This commercialized mirth might strike you as extreme, but bear with me.
Perhaps this will resonate more effectively. The OKeh sleeve makes me smile.
This song has been turned into a terrible cliche through ninety years of routine performance, but this effort from March 8 — which seems like ages ago! — takes me right back to Billie and Louis. The cheerful creators here are Danny Coots, drums; Steve Pikal, string bass; Brian Holland, piano; Jacob Zimmerman, clarinet; Marc Caparone, cornet; special guest, Riley Baker, trombone. All this goodness took place at the 2020 Jazz Bash by the Bay in Monterey, California.
As an aside, I’d always thought of SMILING as a post-Wall Street crash song, but not only was Louis’ recording before the market imploded, but the first recording, by Bill Carlsen’s Orchestra, dates from May 1928 in Chicago. (Thanks to Charles Richdale for this prompt answer to my research query.) So the suggestion that smiling built community where tears did not was in its own way timeless. I hope readers can find reason to grin.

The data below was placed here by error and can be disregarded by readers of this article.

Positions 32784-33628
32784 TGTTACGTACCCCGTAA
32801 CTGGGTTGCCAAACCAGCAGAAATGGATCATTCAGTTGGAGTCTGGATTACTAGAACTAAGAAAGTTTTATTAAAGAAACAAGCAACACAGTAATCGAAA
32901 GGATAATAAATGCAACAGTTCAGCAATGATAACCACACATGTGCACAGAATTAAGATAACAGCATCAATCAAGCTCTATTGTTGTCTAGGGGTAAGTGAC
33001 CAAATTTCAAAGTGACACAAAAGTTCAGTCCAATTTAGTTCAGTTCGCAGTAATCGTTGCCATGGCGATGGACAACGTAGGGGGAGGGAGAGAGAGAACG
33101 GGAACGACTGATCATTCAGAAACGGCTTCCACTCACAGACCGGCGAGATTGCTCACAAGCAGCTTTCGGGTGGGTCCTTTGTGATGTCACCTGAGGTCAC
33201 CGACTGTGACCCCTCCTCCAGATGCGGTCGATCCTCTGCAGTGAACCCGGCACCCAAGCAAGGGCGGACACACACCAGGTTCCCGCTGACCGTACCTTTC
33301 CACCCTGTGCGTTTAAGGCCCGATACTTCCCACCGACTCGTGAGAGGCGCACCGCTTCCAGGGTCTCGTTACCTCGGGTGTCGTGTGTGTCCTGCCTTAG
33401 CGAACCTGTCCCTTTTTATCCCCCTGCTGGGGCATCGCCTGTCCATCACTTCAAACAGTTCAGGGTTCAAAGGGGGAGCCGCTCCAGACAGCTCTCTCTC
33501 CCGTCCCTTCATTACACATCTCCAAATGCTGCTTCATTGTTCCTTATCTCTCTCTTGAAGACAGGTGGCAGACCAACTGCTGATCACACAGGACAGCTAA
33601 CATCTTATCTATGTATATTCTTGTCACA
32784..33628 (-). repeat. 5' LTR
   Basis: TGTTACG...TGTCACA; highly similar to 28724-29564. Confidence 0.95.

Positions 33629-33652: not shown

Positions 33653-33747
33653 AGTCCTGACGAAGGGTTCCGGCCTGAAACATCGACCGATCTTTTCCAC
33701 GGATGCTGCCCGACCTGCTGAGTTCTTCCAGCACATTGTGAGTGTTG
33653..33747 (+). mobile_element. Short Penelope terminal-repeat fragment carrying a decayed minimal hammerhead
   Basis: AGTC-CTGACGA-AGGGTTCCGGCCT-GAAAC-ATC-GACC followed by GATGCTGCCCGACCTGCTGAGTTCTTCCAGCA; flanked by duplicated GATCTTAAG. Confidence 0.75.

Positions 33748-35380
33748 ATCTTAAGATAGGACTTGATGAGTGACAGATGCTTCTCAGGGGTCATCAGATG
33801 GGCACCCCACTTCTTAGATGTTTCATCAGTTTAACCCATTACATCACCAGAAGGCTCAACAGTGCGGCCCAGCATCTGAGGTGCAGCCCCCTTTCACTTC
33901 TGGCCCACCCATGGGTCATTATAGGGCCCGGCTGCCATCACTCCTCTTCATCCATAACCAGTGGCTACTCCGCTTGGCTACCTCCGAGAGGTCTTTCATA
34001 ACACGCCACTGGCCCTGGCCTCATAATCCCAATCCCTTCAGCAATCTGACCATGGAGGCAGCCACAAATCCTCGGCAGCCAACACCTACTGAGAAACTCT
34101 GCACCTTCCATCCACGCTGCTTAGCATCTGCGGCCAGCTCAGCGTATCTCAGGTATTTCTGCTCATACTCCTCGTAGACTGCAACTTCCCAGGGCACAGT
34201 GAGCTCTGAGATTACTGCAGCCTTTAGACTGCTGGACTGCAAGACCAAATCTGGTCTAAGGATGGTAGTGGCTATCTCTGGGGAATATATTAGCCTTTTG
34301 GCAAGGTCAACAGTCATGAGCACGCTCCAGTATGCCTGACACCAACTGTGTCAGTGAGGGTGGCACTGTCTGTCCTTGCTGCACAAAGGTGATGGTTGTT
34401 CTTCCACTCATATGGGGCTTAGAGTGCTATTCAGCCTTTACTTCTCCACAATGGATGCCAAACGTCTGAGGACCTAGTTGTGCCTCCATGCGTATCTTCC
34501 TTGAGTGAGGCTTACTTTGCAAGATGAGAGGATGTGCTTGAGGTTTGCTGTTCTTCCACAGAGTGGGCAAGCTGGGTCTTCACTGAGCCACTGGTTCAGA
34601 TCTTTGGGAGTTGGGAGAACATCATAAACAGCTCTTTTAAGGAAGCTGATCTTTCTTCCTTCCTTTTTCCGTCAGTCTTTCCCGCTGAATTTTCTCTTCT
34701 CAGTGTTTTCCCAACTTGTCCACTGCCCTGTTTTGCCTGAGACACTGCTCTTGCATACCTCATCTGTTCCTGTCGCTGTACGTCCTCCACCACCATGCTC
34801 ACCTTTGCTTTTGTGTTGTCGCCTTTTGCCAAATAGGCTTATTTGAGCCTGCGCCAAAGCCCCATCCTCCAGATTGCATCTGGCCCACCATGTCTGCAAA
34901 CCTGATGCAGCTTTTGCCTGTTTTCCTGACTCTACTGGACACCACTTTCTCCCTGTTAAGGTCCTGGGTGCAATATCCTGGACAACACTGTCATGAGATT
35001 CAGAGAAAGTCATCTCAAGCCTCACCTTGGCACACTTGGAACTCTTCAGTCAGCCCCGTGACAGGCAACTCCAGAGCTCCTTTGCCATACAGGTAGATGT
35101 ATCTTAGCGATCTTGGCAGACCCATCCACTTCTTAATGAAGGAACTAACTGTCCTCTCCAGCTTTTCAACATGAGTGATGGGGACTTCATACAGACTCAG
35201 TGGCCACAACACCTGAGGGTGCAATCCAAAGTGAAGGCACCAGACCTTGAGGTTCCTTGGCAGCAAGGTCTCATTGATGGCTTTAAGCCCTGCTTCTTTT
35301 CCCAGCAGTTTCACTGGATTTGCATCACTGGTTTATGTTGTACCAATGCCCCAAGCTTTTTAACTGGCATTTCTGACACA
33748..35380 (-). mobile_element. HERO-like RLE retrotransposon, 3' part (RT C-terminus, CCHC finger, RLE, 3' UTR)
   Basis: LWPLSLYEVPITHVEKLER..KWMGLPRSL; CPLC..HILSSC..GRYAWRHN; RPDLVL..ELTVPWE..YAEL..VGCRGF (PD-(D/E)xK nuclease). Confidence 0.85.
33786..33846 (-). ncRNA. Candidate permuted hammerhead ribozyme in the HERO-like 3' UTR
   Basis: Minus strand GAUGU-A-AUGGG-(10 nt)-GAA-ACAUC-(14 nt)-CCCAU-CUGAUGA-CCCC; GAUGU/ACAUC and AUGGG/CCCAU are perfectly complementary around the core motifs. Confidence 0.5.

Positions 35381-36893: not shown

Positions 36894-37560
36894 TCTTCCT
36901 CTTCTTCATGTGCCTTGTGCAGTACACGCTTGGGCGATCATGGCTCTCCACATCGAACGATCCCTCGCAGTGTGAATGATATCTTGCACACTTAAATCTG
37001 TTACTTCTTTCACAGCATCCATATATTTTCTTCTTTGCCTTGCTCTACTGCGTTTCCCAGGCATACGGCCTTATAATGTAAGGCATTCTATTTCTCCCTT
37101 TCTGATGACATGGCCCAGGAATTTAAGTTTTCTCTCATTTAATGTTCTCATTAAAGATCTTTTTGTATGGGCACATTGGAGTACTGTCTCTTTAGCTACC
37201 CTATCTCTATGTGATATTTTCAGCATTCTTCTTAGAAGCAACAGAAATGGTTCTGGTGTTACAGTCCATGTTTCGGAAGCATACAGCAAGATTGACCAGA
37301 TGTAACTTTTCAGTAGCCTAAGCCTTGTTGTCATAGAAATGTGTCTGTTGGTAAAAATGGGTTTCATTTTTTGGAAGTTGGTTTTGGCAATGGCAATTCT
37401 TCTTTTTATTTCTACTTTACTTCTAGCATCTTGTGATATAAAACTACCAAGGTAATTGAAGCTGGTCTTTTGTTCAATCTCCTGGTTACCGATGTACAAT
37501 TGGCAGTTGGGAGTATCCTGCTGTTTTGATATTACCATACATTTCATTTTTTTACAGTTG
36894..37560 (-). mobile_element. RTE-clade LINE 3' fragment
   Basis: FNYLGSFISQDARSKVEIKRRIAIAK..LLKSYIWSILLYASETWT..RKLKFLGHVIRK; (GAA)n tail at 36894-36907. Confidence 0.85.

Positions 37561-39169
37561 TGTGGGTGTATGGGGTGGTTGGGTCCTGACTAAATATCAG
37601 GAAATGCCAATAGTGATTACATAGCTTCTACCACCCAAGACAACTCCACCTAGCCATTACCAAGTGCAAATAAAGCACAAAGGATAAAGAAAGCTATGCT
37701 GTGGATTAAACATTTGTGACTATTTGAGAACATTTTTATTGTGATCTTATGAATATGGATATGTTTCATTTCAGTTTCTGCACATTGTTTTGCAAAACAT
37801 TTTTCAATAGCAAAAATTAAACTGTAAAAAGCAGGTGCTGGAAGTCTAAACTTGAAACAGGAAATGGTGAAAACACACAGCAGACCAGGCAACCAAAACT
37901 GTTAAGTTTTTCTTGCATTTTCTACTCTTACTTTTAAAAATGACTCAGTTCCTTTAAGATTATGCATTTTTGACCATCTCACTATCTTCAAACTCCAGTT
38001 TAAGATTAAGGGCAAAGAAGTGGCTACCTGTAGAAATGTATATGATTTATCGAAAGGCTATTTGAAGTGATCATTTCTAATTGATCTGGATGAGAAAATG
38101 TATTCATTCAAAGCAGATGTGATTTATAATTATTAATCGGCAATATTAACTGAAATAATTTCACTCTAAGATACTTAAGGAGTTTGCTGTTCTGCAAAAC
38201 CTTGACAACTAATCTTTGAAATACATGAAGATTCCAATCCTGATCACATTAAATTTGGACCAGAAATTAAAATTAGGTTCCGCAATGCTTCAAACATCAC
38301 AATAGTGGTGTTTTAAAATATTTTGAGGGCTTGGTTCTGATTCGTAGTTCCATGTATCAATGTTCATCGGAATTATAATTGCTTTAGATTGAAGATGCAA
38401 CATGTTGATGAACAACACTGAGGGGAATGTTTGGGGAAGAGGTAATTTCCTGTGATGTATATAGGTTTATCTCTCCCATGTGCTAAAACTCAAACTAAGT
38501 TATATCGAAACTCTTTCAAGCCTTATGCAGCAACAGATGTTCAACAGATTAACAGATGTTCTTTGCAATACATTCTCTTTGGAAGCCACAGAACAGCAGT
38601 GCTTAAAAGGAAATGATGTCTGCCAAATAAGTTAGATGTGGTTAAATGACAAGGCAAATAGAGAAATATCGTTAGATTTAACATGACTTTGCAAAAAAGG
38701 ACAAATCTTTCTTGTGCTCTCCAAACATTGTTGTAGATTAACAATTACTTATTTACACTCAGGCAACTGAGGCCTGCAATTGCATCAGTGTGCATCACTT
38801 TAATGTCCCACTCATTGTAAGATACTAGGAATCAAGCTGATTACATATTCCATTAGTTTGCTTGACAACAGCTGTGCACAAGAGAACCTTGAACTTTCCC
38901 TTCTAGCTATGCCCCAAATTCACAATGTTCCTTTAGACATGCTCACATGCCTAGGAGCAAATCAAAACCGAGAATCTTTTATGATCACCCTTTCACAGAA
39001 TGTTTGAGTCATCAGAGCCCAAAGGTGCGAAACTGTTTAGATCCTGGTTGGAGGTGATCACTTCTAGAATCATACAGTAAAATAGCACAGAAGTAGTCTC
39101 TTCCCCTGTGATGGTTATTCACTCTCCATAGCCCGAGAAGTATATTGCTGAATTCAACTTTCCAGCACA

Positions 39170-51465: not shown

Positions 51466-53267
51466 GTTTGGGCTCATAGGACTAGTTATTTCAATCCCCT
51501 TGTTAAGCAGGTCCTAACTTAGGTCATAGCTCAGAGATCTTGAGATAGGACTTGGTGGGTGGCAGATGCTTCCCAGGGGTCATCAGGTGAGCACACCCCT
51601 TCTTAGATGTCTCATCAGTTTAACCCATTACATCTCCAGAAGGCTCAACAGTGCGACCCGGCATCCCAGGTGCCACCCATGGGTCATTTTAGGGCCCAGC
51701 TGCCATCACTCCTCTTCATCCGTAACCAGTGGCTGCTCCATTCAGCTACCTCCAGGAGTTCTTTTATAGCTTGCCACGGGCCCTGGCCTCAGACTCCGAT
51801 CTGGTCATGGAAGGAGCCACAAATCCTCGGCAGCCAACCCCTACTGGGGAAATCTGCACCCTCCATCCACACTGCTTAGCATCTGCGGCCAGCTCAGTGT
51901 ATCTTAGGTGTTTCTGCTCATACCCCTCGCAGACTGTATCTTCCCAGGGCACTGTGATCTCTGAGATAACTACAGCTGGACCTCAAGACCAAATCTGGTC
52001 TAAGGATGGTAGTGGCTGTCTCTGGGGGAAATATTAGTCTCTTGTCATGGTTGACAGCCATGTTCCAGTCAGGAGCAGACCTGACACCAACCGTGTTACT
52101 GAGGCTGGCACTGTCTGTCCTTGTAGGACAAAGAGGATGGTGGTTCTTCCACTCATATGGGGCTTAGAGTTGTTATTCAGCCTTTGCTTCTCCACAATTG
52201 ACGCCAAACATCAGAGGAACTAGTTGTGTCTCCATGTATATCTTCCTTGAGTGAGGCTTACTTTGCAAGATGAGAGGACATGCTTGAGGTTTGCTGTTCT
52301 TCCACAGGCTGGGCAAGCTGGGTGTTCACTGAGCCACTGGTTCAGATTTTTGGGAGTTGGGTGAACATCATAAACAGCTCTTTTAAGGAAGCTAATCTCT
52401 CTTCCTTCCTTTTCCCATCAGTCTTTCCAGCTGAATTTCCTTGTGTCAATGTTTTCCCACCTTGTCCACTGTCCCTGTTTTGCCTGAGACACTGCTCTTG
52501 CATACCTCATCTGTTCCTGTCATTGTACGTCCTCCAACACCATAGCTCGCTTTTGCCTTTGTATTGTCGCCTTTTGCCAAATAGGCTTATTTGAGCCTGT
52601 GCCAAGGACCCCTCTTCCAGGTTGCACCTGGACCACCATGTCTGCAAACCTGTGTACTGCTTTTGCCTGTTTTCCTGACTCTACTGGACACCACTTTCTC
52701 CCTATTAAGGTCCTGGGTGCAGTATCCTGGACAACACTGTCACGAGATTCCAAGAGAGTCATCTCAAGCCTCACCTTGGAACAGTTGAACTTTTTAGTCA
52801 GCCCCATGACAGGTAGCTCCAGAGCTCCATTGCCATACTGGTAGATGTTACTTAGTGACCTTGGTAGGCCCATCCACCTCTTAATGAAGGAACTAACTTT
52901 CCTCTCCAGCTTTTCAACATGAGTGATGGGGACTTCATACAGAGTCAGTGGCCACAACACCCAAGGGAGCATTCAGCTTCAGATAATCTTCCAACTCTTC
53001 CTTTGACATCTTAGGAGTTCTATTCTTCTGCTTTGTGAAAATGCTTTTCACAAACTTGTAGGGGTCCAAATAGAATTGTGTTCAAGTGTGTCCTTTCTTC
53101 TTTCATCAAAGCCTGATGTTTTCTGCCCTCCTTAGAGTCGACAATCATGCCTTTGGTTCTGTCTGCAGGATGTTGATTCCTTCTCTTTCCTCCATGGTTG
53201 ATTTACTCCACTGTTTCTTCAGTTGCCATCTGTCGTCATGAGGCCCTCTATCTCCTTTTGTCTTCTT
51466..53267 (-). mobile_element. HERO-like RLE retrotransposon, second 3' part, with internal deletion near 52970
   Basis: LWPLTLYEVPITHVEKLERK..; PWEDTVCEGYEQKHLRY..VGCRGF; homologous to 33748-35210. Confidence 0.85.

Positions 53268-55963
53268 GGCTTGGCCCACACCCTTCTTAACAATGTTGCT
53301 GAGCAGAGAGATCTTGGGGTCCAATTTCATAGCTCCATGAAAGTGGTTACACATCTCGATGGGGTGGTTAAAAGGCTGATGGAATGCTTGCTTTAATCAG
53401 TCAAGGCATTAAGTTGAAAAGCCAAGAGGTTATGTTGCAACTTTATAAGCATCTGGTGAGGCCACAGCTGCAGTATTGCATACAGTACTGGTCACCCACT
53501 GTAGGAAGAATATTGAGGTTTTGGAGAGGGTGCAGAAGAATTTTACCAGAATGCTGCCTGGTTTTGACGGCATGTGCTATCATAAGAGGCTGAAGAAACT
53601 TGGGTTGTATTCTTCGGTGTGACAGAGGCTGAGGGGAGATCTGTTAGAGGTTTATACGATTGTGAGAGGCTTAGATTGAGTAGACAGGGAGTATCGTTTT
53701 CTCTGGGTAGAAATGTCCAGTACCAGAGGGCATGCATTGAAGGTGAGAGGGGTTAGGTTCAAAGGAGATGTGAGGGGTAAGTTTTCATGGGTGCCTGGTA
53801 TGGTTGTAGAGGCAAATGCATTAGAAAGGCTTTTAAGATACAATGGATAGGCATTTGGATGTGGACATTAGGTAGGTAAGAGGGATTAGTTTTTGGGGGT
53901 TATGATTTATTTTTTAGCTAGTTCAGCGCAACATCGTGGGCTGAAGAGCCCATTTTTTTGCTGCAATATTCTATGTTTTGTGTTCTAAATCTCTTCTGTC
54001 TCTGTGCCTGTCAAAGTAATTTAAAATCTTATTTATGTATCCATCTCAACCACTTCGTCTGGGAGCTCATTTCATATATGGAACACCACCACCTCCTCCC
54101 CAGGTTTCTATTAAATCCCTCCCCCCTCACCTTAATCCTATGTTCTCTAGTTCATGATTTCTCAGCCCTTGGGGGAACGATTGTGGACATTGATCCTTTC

In the process of assembling this blog — which often feels like a small-town newspaper — I encountered this sweet 1928 recording, new to me, which I include because it begins with the verse. And I admire Seger Ellis. SMILING has gotten criticized by the “true jazz connoisseurs” as saccharine, over-simple: a song that needed improvisers to raise it above the mundane. I’d disagree: sometimes a sweet uncomplicated tonic is just the thing to settle one’s nerves.
May your happiness increase!